Once the gallium has been deposited onto the cathode, the final separation takes place – the gallium is removed from the cathode and separated from the other deposited metals. Further separation and purification will be necessary to ensure a high purity level of the gallium. This will require further expenditure on processing equipment.


Waste Analysis

Limiting the waste produced in the recovery process helps reduce overall costs, as well as environmental impact.

The main waste streams identified in the recycling process are:

– Glass, plastic and metal from the remainder of the LED lamp after the LED boards are removed to be comminuted. If these cannot be easily separated, they will be sent for Waste from Electrical and Electronic Equipment (WEEE) recycling.

– The slurry of ionic liquid left behind after gallium, and potentially other metals, are dissolved in it. This waste can either be consigned to generic disposal or an alternative route, such as using it as a filler in a cement matrix.

– The contaminated water from rinsing the cathode after electroplating. Care needs to be taken to dispose of the waters safely.

– The cathode, depending on whether or not it can be reused.

Overall, the analysis has shown that waste is minimal throughout the entire process and materials are being reused or recycled wherever possible.

Further considerations

This article explained the novel, environmentally friendly process for gallium recovery that was proved in the ReGaIL project. Although it is technically possible to recover gallium, more work needs to be carried out to establish how this can be done in a cost-effective way to bring profit. Moreover, it is not yet clear how much gallium this process would yield, making it impossible to forecast the overall revenue. This requires further research on the development and scale up of the gallium recovery process. Nonetheless, with gallium becoming ever more popular as a component of semiconductors, as well as the rise of automotive electrification, it is anticipated that the price of gallium will rise accordingly, creating an incentive for recycling businesses to pursue gallium recovery. ReGaIL has taken the first steps by proving that gallium recovery is possible, and the consortium hopes that other projects will build upon these findings.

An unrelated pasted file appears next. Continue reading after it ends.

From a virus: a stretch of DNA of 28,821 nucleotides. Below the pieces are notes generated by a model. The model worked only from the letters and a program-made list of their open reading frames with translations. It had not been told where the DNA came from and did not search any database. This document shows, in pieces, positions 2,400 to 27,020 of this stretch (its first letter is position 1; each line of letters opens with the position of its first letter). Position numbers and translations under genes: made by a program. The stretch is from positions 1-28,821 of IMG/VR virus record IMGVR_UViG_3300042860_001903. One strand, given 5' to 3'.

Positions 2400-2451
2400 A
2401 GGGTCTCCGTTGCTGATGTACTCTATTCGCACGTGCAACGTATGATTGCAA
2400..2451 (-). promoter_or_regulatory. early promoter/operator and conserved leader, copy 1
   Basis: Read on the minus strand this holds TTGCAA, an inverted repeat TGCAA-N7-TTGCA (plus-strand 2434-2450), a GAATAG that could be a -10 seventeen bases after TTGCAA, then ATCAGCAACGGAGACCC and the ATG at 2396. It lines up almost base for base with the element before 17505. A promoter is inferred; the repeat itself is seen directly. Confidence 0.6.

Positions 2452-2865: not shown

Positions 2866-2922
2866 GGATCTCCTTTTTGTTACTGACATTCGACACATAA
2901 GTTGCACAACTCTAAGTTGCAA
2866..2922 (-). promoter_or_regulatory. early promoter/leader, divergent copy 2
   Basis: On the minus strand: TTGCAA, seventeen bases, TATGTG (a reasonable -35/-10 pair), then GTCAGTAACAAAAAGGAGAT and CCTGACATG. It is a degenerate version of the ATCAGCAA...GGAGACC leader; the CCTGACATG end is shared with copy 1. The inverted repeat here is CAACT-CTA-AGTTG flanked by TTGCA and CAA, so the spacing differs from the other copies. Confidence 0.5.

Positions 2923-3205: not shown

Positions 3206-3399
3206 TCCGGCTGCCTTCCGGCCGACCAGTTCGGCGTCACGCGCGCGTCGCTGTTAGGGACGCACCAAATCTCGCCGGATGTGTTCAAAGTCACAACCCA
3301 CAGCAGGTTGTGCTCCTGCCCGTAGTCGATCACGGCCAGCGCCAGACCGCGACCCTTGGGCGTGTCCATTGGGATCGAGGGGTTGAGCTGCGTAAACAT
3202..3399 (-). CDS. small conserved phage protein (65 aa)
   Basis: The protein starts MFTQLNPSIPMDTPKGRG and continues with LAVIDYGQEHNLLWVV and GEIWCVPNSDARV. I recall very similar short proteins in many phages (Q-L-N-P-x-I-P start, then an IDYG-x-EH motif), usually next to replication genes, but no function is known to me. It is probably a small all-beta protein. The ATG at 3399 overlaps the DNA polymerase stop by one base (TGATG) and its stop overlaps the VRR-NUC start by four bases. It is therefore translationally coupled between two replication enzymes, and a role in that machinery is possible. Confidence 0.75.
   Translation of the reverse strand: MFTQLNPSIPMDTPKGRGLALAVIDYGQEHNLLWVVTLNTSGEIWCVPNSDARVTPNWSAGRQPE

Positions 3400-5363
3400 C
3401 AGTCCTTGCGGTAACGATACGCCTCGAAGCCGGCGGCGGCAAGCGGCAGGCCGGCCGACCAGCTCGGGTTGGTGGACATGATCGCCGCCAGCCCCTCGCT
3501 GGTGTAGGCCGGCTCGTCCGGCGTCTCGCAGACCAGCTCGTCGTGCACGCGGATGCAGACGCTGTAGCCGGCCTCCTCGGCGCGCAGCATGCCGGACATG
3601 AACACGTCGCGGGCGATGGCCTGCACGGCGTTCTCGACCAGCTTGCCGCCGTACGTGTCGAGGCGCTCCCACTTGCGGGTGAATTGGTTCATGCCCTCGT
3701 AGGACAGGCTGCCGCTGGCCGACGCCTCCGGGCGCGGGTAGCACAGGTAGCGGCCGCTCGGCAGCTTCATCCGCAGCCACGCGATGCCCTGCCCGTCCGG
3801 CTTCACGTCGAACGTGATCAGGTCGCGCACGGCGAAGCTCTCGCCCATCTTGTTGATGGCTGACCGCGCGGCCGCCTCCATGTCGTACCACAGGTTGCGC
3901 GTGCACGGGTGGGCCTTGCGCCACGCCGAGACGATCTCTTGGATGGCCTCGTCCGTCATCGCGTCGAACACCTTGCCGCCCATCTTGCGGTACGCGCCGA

Find out more about our work on gallium recovery in this case study, which presents the simulation that HSSMI built to explore and refine the gallium recovery process within a recovery facility.


ReGaIL (Recovery of Gallium from Ionic Liquids) was a collaborative project between eight partners – S2S Group, Recolight, Institute of Materials Finishing, Envaqua Research, E.C. Williams, and HSSMI – and conducted with funding from Innovate UK. For more information about the gallium recovery process, please contact the project team by writing to HSSMI’s Circular Economy Manager Savina Venkova at